Dietary lipids fuel GPX4-restricted enteritis resembling Crohn’s disease.


Lisa Mayr, Felix Grabherr, Julian Schwärzler, Isabelle Reitmeier, Felix Sommer, Thomas Gehmacher, Lukas Niederreiter, Gui-Wei He, Barbara Ruder, Kai T R Kunz, Piotr Tymoszuk, Richard Hilbe, David Haschka, Clemens Feistritzer, Romana R Gerner, Barbara Enrich, Nicole Przysiecki, Markus Seifert, Markus A Keller, Georg Oberhuber, Susanne Sprung, Qitao Ran, Robert Koch, Maria Effenberger, Ivan Tancevski, Heinz Zoller, Alexander R Moschen, Günter Weiss, Christoph Becker, Philip Rosenstiel, Arthur Kaser, Herbert Tilg, Timon E Adolph

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Journal (long):

Nature communications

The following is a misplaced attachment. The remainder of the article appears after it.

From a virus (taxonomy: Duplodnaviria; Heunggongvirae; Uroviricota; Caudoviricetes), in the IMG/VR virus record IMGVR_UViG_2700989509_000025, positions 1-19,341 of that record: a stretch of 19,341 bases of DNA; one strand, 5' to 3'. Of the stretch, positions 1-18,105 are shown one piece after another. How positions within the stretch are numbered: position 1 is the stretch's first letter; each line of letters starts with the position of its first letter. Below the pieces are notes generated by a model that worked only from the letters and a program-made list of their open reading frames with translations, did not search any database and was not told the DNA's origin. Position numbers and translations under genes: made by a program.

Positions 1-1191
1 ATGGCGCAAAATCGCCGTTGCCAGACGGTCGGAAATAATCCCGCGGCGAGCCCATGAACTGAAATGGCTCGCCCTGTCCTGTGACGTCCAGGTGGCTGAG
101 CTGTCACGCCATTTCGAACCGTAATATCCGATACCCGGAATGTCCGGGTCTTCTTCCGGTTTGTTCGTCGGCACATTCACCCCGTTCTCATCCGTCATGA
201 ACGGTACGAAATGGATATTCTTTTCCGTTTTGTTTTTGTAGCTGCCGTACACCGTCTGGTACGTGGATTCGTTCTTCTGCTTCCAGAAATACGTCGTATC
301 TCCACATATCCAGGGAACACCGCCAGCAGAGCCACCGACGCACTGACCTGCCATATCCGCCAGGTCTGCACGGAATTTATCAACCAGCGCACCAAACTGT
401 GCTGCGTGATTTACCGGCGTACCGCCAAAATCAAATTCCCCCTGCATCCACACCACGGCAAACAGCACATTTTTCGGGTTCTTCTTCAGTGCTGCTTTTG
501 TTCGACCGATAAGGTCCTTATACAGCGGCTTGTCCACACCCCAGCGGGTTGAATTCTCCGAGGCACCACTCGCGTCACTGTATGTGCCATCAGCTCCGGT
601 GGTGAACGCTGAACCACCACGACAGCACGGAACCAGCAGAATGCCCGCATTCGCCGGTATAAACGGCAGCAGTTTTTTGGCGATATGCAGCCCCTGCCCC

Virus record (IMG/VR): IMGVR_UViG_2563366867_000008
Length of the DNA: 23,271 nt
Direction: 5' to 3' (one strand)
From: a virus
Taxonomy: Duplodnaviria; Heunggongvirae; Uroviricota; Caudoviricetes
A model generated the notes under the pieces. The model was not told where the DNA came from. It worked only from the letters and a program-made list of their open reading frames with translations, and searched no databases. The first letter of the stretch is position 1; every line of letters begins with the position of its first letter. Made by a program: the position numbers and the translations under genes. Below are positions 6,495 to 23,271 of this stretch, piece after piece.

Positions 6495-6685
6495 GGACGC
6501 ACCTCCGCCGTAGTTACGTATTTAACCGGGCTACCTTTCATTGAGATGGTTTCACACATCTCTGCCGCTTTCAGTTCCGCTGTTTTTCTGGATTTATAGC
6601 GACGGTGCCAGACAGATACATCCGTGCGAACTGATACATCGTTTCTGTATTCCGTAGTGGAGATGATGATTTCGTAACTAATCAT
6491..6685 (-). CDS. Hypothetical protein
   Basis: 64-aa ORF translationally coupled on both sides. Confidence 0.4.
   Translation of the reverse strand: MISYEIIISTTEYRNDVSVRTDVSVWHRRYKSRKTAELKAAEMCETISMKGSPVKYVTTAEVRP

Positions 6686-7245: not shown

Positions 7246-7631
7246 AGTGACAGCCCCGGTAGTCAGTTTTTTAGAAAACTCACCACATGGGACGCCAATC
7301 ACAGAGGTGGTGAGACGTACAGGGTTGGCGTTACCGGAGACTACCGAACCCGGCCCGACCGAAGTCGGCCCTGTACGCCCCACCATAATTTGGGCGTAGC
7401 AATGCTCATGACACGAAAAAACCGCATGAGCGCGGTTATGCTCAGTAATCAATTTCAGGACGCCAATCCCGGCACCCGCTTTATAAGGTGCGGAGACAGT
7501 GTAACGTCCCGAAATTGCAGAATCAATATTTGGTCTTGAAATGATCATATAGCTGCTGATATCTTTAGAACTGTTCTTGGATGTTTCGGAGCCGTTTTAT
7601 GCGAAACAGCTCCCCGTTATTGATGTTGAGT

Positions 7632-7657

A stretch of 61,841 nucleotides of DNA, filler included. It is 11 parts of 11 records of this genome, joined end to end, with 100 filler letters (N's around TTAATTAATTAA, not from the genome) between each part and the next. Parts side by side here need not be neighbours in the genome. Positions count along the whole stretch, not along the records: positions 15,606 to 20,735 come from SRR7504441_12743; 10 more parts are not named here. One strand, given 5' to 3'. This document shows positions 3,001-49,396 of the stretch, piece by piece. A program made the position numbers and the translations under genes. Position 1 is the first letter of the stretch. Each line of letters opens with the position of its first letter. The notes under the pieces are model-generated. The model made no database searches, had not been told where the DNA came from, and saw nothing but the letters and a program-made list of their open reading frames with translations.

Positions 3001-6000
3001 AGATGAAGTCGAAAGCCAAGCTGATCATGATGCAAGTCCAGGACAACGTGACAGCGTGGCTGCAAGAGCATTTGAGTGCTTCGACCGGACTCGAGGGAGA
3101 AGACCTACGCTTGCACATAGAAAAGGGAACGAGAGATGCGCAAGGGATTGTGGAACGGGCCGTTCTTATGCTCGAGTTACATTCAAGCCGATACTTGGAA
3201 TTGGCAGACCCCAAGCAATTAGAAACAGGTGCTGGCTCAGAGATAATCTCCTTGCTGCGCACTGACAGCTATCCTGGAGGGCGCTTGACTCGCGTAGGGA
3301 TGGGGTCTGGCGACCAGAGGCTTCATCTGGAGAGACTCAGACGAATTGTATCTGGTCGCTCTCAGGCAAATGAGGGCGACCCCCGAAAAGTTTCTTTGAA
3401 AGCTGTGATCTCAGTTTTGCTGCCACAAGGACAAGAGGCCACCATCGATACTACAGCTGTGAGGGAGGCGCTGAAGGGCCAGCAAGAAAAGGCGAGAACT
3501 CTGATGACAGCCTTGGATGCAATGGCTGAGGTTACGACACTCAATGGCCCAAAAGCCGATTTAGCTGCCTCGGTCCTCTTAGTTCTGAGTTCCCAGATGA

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The increased incidence of inflammatory bowel disease (IBD) has become a global phenomenon that could be related to adoption of a Western life-style. Westernization of dietary habits is partly characterized by enrichment with the ω-6 polyunsaturated fatty acid (PUFA) arachidonic acid (AA), which entails risk for developing IBD. Glutathione peroxidase 4 (GPX4) protects against lipid peroxidation (LPO) and cell death termed ferroptosis. We report that small intestinal epithelial cells (IECs) in Crohn’s disease (CD) exhibit impaired GPX4 activity and signs of LPO. PUFAs and specifically AA trigger a cytokine response of IECs which is restricted by GPX4. While GPX4 does not control AA metabolism, cytokine production is governed by similar mechanisms as ferroptosis. A PUFA-enriched Western diet triggers focal granuloma-like neutrophilic enteritis in mice that lack one allele of Gpx4 in IECs. Our study identifies dietary PUFAs as a trigger of GPX4-restricted mucosal inflammation phenocopying aspects of human CD.

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